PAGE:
Although Kay Adams, who becomes Kay Corleone, in both the novel and film adaptation of The Godfather is initially portrayed as naive and dedicated to Michael, the novel has her becoming increasingly submissive and complicit in Michael’s criminal activities, while the film shows her as growing an increasing distrust of her husband.

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The initial romance between Kay and Michael, as depicted in both the film and the novel, is portrayed as both wanting to not follow in Vito’s footsteps. Thematically, Kay represents Michael’s connection to mainstream American culture: she is not Italian, which is made distinct in how she is physically described to emphasize her “whiteness” (Cardon 109), in order to make her seem exotic to Michael. This would match the physical appearance of Diane Keaton, who plays the role of Kay in the film. The novel includes scenes with Kay’s family, which are not included in the film; these scenes are used as a foil to Michael’s family, with Kay’s family being depicted as somewhat naive and trusting of their daughter. Kay is blindly devoted to Michael in both the book and the film; however, the book has her remaining devoted to Michael, even when he is flees to Italy, while the film has her visibly showing hesitation. In the film, when Michael returns from Italy, Kay questions Michael about his role in the family business as they walk down the street. She has become aware of his role in the family business, and while the book shows her accepting this fully because of her blind devotion to Michael, we can see her increasing hesitation in the film version about what she may be getting herself involved in.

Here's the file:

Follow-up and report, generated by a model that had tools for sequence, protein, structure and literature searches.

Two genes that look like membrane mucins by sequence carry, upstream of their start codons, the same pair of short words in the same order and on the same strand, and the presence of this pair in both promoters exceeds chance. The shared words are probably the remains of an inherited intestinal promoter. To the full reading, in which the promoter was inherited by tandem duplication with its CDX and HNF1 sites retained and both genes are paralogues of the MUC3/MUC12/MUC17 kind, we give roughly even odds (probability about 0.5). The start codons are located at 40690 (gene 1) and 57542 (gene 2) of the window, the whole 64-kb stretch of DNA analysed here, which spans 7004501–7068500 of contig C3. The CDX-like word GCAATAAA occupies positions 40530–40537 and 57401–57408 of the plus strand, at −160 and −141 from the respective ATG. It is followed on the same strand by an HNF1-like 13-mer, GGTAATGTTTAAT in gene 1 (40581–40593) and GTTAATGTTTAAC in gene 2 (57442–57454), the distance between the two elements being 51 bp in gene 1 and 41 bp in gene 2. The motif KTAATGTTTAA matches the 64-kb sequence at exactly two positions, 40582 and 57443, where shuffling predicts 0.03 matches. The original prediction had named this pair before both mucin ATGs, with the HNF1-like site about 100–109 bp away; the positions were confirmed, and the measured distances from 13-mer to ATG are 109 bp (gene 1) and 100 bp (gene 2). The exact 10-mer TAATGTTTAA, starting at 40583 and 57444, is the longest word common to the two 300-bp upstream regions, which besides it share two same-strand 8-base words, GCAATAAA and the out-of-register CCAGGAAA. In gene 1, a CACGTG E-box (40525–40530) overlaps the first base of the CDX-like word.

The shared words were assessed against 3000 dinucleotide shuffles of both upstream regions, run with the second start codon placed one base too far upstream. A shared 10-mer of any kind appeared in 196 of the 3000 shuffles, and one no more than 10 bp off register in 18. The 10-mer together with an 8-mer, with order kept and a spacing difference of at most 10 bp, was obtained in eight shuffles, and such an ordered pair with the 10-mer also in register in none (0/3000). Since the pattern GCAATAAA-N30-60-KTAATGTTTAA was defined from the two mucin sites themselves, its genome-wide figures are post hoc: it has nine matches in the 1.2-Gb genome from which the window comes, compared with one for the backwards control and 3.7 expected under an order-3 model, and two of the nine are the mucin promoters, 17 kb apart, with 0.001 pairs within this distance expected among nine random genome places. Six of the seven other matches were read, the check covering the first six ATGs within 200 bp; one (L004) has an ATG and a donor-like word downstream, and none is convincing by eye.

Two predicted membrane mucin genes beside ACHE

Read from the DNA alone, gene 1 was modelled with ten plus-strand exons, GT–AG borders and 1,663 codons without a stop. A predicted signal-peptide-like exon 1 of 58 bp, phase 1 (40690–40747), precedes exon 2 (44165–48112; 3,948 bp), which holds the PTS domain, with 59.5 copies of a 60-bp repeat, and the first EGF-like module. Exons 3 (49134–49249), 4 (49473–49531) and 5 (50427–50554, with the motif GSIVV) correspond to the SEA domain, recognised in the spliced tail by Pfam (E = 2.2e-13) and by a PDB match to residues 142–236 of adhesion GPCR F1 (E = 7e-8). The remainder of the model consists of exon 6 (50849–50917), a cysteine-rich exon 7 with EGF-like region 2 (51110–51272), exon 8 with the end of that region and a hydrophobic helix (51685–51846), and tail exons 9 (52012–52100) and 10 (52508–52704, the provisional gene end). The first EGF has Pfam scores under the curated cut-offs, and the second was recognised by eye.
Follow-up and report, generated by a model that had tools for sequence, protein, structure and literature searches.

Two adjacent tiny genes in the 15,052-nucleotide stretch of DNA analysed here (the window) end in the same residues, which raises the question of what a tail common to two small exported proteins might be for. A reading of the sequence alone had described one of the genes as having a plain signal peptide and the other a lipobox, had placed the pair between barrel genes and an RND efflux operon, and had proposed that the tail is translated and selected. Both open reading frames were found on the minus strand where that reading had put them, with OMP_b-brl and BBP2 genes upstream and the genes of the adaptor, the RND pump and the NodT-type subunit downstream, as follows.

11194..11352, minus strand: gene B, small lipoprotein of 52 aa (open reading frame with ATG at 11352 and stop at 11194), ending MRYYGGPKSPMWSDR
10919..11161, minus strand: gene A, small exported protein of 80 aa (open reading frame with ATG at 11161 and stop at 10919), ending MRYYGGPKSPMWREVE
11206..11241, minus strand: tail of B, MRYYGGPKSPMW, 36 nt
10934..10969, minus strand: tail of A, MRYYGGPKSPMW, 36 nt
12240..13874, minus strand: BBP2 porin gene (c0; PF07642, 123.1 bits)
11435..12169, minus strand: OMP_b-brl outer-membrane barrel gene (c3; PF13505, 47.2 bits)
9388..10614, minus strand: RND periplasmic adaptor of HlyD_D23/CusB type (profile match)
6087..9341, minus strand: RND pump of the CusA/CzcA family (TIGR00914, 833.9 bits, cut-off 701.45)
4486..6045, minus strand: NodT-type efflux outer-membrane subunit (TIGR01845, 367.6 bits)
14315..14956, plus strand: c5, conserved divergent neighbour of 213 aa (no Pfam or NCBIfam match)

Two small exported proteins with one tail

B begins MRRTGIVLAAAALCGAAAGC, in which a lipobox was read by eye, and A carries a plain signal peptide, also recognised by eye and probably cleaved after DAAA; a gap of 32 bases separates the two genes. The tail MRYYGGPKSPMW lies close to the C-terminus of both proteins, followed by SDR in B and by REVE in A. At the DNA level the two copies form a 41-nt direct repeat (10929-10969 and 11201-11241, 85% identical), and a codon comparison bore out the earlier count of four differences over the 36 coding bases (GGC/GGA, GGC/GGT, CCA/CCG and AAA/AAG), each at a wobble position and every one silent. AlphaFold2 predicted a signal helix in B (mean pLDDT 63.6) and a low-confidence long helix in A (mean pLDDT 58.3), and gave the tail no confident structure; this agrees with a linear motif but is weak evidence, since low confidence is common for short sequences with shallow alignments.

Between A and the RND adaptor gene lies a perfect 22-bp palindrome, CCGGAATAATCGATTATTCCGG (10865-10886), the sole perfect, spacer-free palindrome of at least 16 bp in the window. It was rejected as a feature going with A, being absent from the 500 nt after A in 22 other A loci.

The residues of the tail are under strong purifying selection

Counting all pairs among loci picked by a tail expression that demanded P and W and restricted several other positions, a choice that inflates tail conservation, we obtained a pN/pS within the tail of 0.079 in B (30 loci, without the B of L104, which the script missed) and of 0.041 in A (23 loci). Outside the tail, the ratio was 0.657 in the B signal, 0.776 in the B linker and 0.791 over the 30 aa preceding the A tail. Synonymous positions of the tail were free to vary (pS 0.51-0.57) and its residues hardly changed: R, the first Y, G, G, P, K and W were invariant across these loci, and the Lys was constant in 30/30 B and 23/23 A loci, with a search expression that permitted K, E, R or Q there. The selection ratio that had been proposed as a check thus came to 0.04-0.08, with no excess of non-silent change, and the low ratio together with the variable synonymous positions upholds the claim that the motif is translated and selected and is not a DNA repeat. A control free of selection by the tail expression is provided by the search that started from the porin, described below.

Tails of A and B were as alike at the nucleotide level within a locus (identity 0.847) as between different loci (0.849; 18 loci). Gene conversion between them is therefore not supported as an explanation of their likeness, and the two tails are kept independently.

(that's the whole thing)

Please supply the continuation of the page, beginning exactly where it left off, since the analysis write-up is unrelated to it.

Kay’s main foil in both the book and the film is Apollonia, who becomes Michael’s first wife. As foils in the book, they are representative of different cultures: Kay is an American, and Apollonia is a peasant girl in Italy. In the film, they are foils in regard to their relationship to Michael: Apollonia is completely submissive, and while Kay is submissive to some extent, there is visible resistance to Michael’s activities. The reason this works differently in the books and the film is because in the book, both Kay and Apollonia are completely submissive to Michael and fully accept this role. In the film, Kay is submissive, but she does not fully accept this role in that she can be seen as growing an increasing distrust of Michael.

Thematically, Kay works differently in both the book and the film as well; in the film, she becomes another possession of Michael. Because she is distinctly American, without Italian heritage, this can be symbolized as Michael’s intent to exert dominance in American society. She converts to Catholicism and dotes over their child, which shows how she is willing to submit herself to Michael completely. In the film, while she still represents this elements, Coppola chooses to end the film with a shot of Kay being shut out of her husband’s business, when the film closes with the door being closed to prevent her from seeing the room, while she folds laundry. This highlights her domestic role, but it also emphasizes how Michael is shutting out the one moral character in his life, Kay. The book does not emphasize Kay as a moral character because she simply becomes another possession of Michael; however, her resistance to his criminal activities, in showing at least her displeasure of it, would seem to emphasize her morality in the film. Because of this moral connotation, Michael having the door close on her shows how he is rejecting the last remaining moral aspect of his own life, through symbolic fashion.